The system does not cost taxpayers money directly, a point of pride for the industry. But it costs consumers money in the form of higher sugar prices. The system has been subjected to withering criticism for decades, but the sugar lobby has clout on Capitol Hill. Sugar producers donated $2.7 million in campaign contributions to House and Senate incumbents in 2006, more than any other group of food growers, according to the Center for Responsive Politics, a Washington group.

The new farm bill would retain much of the existing system, which sugar producers defend on the ground that virtually every country with a domestic sugar industry has strong protections. But it would add more guarantees, including one that would assure American producers 85 percent of the market no matter how much sugar comes in from abroad.

 

For the full story, see: 

CLIFFORD KRAUSS.  "Seeing Sugar’s Future in Fuel."  The New York Times   (Thurs., October 18, 2007):  C1 & C4.

(Note:  ellipsis added.)

 

SugarFarmingMap.jpg   Source of graphic:  online version of NYT article cited above.

 

Hong Kong Dim Sum Lovers Rebuke Government

 

     "Wong Yuen enjoying breakfast at a Hong Kong restaurant. The government, he says, "shouldn’t be telling anyone how dim sum should be served.""   Source of caption and photo:  online version of the NYT article quoted and cited below.

 

Longtime dim sum lovers are indignant.

"The government is putting its thumb on every part of citizens’ lives, and it shouldn’t be telling anyone how dim sum should be served," said Wong Yuen, a retired mechanic and truck driver who says he has eaten dim sum every morning for the last two decades. "People can make their own decisions. If it’s unhealthy, they can eat less. They don’t need the government to tell them."

 

For the full story, see: 

KEITH BRADSHER.  "HONG KONG JOURNAL; Dim Sum Under Assault, and Devotees Say ‘Hands Off’."  The New York Times  (Thurs., April 28, 2005):  A4.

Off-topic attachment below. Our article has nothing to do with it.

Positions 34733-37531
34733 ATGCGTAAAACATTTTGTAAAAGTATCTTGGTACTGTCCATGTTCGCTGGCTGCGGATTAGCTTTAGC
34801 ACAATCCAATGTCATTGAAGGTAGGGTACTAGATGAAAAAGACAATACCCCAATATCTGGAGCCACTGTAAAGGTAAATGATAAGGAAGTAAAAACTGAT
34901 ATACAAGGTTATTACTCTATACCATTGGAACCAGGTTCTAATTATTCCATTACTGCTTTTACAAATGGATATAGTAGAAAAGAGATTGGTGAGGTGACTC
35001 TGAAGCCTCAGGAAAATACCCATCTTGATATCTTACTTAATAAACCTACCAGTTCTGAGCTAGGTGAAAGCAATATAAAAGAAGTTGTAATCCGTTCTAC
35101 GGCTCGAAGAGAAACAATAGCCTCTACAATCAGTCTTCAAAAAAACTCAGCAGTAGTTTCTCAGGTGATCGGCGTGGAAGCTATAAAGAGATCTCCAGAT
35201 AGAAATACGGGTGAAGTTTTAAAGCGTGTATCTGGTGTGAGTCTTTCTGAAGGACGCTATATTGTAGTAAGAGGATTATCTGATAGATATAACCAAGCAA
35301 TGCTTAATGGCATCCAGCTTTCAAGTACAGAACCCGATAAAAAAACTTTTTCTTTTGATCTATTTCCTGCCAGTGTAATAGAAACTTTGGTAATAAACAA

Doctors Seek New Business Models to Avoid Paperwork and Insurance Regulation

 

   "Dr. Steven Meed works for Sickday Medical House Calls, a service in Manhattan."  Source of caption and photo:  online version of the NYT article quoted and cited below.

 

“We have that perfect storm. The current system doesn’t work well for patients or physicians,” said Dr. Rick Kellerman, a doctor who works in Wichita, Kan., and is president of the American Academy of Family Physicians. "More doctors are coming up with new home business practice models. They’re exasperated with paperwork and insurance regulation.”

The demand for primary care physicians outweighs the supply in many cities, so patients can wait weeks, and even months, for appointments, and hospital emergency rooms are becoming overloaded with nonemergency cases. Health insurance premiums, meanwhile, have continued to rise.

Some doctors are doing things like taking only house-call appointments or operating “micropractices” in which they work without front-office staff and nurses and see their patients in a smaller one-room office, Dr. Kellerman said.

When making house calls, “you get paid,” said Dr. Steven Meed, one of eight New York physicians working for Sickday Medical House Calls, which started last year and serves patients in Manhattan. “The paperwork overhead is kept at a minimum, the fee is fixed and it’s not going to be reduced.”

 

For the full story, see:

JENNIFER ALSEVER. "SPENDING; Retro Medicine: Doctors Making House Calls (for a Price)."  The New York Times, SundayBusiness Section  (Sun., September 23, 2007):  6.

 

MeedStevenHouseCalls2.jpg  "He took the subway, top, to travel to the apartment of a patient, Kayla McDermott, who had a sore throat."  Source of caption and photos:  online version of the NYT article cited above.

 

Incentives for Organ Donations Would Save Lives

 

SatelSally.jpg    Sally Satel is a medical doctor and a resident scholar at the Amerrican Enterprise Institute.  Source of photo:  http://www.aei.org/publications/filter.all,pubID.25785/pub_detail.asp

 

(p. A12)  At the annual meeting of The American Society of Transplant Surgeons this winter a straw poll revealed that 80 to 85% were in favor of studying incentives for living donors, according to society president Arthur Matas. In 2003, the American Medical Association testified on behalf of legislation that would have permitted pilot studies of incentives for deceased organs.

The public seems receptive as well, according to a new Gallup poll on attitudes toward donation of organs after death. The most striking results were among 18 to 34 year olds wherein an impressive 34% said that incentives would make them "more likely" to donate while 6% said less likely.  . . .

. . .

The idea of combining organ donation with material gain can make people queasy. Yet the mix of financial and humanitarian motives is commonplace. No one objects, for example, to a tax credit for charitable contributions–a financial incentive to complement the "pure" motive of giving to others. The great teachers who enlighten us and the doctors who heal us inspire no less gratitude because they are paid. An increase in the supply of kidneys will ameliorate suffering and prevent needless death. This is more important than whether an organ has been given freely or for material gain.  . . .